It seems to move in waves or stages – the Blogosphere, I mean, and the Twitter flock. One minute it’s all peace and love (and lots of mutual support and mutual ego-stroking), and the next people are ripping bits off each other and everyone’s outraged and hurt. And suddenly, too – and serendipitously, issues and topics coalesce and something which is worth talking about floats, briefly, around our virtually real world.
What am I talking about? I’m talking about conferences and inequality and VIP speakers. All that. Because recently people have posted in near ecstasy about the ISTEK conference in Istanbul, the IATEFL conference in Harrogate, and the HUPE conference in Croatia. And all seemed well with the world.
Except, apparently, it wasn’t. Other voices have now been raised; voices which suggest that conferences are elitist and excluding, run by conference organisers who are working to their own agendas and advancement rather than for the good of the teaching body as a whole. Meanwhile over on another blog a VIP speaker of considerable standing and intellect has articulated the familiar quandary of the invited outside speaker, namely whether such encounters (foreign ‘expert’ jetting in to an educational reality that he or she knows little about), are justifiable or desirable.
As far as I can see, the issues worth discussing in this sometimes unedifying climate (though Scott Thornbury’s musings about the danger of ‘native speakerism’ – and the discussions they have occasioned- seem entirely useful) are the following:
- Do most ELT conferences favour the outside VIP at the expense of local and/or less senior presenters?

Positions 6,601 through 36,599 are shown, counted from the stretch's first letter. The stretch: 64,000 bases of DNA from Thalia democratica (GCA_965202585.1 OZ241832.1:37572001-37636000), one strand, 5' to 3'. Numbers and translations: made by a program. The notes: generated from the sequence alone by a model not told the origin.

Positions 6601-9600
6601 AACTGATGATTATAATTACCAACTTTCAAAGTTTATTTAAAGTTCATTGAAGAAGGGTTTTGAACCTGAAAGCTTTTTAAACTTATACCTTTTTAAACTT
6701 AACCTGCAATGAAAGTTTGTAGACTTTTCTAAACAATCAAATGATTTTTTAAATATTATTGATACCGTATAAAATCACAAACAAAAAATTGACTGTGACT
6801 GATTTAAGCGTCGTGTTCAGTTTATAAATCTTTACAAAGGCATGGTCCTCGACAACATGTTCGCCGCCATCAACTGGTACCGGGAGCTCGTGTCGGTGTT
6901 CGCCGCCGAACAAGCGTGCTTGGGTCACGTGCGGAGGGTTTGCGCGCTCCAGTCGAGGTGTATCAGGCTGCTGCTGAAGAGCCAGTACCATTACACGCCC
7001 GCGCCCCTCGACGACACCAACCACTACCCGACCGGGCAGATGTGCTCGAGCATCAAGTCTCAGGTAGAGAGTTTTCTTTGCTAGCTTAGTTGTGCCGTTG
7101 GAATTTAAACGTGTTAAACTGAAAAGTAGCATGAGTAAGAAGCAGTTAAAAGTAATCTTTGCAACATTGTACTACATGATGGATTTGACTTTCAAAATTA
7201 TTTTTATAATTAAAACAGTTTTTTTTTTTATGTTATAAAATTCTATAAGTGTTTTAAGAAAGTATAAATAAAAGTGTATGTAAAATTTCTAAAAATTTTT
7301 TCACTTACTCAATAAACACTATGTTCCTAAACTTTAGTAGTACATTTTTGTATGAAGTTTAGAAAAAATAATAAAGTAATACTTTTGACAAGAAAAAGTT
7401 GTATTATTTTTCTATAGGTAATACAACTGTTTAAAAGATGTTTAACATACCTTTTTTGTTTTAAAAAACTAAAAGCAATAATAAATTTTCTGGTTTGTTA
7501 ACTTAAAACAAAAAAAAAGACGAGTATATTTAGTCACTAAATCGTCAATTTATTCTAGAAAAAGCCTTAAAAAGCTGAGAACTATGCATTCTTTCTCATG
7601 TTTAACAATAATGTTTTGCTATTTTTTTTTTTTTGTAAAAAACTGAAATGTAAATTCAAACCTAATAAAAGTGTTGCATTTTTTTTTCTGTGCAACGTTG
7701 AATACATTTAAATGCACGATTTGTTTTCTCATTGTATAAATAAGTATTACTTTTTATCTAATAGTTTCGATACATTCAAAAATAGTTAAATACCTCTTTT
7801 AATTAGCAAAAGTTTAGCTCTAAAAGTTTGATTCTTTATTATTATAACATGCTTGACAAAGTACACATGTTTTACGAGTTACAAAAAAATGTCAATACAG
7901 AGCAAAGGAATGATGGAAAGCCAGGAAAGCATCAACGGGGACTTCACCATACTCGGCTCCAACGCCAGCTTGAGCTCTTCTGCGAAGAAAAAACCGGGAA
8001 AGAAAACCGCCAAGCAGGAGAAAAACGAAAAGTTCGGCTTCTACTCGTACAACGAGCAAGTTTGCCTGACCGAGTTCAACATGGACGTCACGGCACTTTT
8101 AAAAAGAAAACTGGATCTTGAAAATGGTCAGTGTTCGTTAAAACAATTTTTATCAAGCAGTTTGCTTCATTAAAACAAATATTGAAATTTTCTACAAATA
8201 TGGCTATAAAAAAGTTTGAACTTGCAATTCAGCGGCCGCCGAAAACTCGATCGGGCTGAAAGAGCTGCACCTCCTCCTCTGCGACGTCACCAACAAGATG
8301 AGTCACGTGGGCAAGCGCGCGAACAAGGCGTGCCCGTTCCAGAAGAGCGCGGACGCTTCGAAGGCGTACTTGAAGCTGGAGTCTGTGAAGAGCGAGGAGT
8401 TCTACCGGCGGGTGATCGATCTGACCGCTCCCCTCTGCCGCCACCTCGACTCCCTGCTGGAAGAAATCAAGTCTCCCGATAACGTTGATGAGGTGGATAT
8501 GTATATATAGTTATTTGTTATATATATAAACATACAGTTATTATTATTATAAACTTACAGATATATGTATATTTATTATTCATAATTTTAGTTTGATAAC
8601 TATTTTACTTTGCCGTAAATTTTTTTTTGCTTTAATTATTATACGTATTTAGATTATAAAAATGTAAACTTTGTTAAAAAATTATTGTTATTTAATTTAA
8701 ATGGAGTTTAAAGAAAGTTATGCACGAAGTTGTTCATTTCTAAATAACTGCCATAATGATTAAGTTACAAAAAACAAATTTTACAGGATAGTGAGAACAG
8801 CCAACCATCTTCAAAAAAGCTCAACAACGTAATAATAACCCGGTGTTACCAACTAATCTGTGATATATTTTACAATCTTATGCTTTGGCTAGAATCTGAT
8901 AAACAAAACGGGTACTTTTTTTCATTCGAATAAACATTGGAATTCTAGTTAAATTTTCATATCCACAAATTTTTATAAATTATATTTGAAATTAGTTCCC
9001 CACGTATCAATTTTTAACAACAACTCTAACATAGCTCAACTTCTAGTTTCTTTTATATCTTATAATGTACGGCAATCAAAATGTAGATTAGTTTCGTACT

- Do VIP speakers get preferential treatment?
- Are conference organisers just ‘in it for themselves’?
- Are conferences just money-making vehicles driven by a rapacious publishing industry?
(Of course I need to declare an interest/several interests. To start with, I am invited from time to time to give talks to conferences around the world. I do, also, write books (from which I earn most of my living), and those books are sold by publishers who do go to conferences in the hope that it will persuade teachers to buy their products – some of which are mine. Occasionally (but not in the majority of cases) I am paid to speak at conferences.)
– Most conferences invite outside ‘name’ speakers. There are, as far as I can see, three reasons for this. The first is that the speakers have some kind of reputation as a result of their writing and/or other work and the conference organisers think/hope they will have something interesting to say; the second is because they have gathered a reputation as presenters; and the third (and this is a really big one) is that conference organisers hope that they will bring in the crowds. For without those crowds the conference will be a failure, both economically and emotionally.